* Government faces sluggish tax collections in 2013
* Batista's MMX says fine 'has no basis,' vows fight
* Cosmetics maker Natura receives fine, shares drop
By Guillermo Parra-Bernal and Alonso Soto
SAO PAULO, Jan 8 Brazil's tax agency has in
recent weeks slapped more than $3 billion in fines on leading
companies which it says owe back taxes, in what some experts
describe as an aggressive play for cash as the government
struggles to meet its budget targets.
Shares of Brazilian miner MMX Mineração SA, owned
by Brazilian billionaire Eike Batista, and cosmetics producer
Natura Cosmeticos SA tumbled on Tuesday, hours after
both companies said they had been notified by the agency of
alleged tax infractions.
The Receita Federal tax agency is seeking 3.8 billion reais
($1.87 billion) from MMX and 627.8 million reais from Natura.
In recent weeks, the agency also fined pulp producer Fibria
SA and logistics company Santos Brasil Participações
SA a combined 2 billion reais.
The fines come at a time when the government of President
Dilma Rousseff is scrambling to plug budget holes and maintain
the fiscal discipline that helped Brazil win the confidence of
investors over the past decade.
Brazil's economy likely grew less than 1 percent last year,
much less than expected when Rousseff prepared the 2012 budget.
The left-leaning president also announced a wave of targeted tax
cuts throughout the year to try to stimulate commerce.
"We see a tax collection effort from the government because
tax revenues are dwindling," said Flavio Serrano, senior
economist with BES Investimento in Sao Paulo. "Anything that you
can get at this moment in back taxes helps out."
A spokesperson for the Receita Federal said the fines were
part of the agency's "routine work" and declined to comment on
specific cases, citing ongoing investigations.
Brazil's tax code is by far the world's most complex,
according to the World Bank. Individuals and companies often
complain that overlapping and ambiguous taxes make accounting
errors easy, exposing them to fines.
The tax agency, known as "the lion" for its official emblem
as well as its ferocious pursuit of tax dodgers, has been a key
ally in Rousseff's drive to hike revenues and meet hefty primary
budget surplus targets. The primary surplus, or revenues minus
expenditures excluding debt payments, is seen as a key measure
of the country's ability to repay its obligations.
The government demanded a record 109 billion reais in unpaid
taxes from individuals and companies last year. Some of those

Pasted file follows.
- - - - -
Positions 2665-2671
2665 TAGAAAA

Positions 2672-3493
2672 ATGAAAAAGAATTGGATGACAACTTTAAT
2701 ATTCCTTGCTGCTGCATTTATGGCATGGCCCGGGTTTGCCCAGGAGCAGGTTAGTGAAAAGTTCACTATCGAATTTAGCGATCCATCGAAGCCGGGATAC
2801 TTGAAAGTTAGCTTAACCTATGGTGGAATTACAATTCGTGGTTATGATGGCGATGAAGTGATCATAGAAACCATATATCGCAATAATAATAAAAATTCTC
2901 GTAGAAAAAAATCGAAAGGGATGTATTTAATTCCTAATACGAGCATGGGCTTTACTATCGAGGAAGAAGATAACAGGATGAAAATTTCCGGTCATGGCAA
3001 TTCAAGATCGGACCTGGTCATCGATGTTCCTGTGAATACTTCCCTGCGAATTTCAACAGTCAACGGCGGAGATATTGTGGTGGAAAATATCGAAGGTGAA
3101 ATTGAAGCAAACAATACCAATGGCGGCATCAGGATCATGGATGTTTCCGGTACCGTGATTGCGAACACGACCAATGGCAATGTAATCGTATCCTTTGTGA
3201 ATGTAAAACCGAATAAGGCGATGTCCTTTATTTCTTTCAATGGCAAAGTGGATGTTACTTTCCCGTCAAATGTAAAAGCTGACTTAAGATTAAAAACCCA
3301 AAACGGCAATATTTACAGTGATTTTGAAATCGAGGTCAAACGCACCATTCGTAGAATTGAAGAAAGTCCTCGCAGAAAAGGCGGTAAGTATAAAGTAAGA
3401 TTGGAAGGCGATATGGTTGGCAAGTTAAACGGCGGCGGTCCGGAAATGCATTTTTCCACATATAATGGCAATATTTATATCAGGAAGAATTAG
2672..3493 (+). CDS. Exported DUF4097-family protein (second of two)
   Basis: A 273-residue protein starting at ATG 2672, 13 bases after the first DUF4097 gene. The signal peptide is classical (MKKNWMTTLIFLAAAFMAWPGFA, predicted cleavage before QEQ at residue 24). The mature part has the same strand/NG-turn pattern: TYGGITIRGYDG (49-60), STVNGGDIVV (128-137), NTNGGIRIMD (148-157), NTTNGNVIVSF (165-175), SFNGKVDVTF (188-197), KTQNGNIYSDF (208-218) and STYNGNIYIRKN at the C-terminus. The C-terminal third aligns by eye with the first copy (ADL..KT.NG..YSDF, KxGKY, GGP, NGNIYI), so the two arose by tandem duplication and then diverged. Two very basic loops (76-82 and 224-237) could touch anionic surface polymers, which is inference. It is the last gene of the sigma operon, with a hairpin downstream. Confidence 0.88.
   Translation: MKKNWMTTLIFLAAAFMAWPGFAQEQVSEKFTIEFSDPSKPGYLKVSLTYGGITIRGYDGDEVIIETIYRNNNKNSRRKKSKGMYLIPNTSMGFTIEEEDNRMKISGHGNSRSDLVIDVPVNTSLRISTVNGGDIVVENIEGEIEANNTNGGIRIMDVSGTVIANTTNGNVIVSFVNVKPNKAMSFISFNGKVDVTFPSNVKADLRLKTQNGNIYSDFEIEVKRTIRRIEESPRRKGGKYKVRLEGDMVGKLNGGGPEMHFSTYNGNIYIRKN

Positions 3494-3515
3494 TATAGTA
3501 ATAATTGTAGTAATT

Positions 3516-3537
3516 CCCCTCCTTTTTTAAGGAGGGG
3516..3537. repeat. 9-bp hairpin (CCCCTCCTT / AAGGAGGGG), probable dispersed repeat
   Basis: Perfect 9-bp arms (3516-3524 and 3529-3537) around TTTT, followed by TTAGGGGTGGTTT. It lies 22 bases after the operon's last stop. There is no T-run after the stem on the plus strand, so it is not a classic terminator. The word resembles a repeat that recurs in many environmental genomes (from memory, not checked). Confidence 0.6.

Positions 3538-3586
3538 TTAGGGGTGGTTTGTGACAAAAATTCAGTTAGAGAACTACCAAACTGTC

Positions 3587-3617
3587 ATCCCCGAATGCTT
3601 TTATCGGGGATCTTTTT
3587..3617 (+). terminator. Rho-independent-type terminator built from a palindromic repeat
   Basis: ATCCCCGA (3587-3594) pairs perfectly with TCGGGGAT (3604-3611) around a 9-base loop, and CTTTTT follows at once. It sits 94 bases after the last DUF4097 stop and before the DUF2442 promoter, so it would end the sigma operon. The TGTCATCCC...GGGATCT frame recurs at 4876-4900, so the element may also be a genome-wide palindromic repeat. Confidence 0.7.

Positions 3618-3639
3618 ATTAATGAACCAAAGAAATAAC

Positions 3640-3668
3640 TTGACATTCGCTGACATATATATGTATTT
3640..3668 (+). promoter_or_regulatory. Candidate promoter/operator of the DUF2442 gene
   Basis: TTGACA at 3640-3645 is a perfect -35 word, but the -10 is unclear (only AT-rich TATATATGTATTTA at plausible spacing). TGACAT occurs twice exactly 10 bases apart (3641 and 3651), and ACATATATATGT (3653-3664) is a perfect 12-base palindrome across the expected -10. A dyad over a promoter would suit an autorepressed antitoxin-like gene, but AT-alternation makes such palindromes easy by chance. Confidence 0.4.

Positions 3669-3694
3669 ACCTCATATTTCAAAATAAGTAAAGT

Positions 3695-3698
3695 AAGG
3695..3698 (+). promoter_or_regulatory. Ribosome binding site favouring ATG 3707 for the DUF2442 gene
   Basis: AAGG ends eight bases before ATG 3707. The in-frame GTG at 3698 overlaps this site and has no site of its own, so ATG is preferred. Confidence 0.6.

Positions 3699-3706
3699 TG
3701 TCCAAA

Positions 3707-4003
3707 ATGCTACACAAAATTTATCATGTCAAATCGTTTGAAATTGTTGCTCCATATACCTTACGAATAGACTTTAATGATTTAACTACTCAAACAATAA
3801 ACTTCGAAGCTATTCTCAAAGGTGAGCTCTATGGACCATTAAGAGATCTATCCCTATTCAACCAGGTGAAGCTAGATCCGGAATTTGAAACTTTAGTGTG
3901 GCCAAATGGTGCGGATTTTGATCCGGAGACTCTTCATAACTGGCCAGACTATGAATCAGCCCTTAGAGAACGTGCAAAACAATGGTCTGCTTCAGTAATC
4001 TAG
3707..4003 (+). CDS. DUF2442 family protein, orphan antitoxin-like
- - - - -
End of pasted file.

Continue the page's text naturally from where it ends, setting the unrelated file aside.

accused of underpaying are global giants like iron ore miner
Vale, which is partly owned by the government.
However, the agency's reach was limited last year. The
government missed last year's primary surplus target of 139.8
billion reais by a long shot and risks not meeting its goal
again in 2013.
NO LEGAL BASIS
MMX Mineração SA faces a potential fine for paying less in
income tax than required since 2007, according to a securities
filing on Tuesday.
MMX, based in Rio de Janeiro, said the fine has no legal
basis, and hopes it will be reversed. The value of the fine,
which is equivalent to about 80 percent of the company's current
market value, has not been provisioned and has no immediate
financial impact, MMX said in a securities filing.
Shares of Natura tumbled 4 percent to 55.55 reais, the
biggest intraday decline in the stock since last Aug. 30. MMX
fell more than 4 percent in afternoon trading on Tuesday,
extending a 35.5-percent drop in the past 12 months.
According to a securities filing, Natura on Monday received
two notices from the tax watchdog challenging tax practices in
the treatment of industrial and social security taxes dating
back to 2008. A company representative declined to comment
beyond the filing.
Natura, Brazil's No. 1 maker of cosmetics, is unlikely to
provision for the potential tax payment and may only take
charges related to lawyers' fees, analysts said.
"Despite the large value of the payment being demanded, we
do not see a reason for the market to be alarmed, at this point
in time," Deutsche Bank Securities analyst Renata Coutinho said
of Natura. "We recall that in 2005 the company faced a similar
challenge and the decision was favorable to Natura, as the
company was in compliance with the law."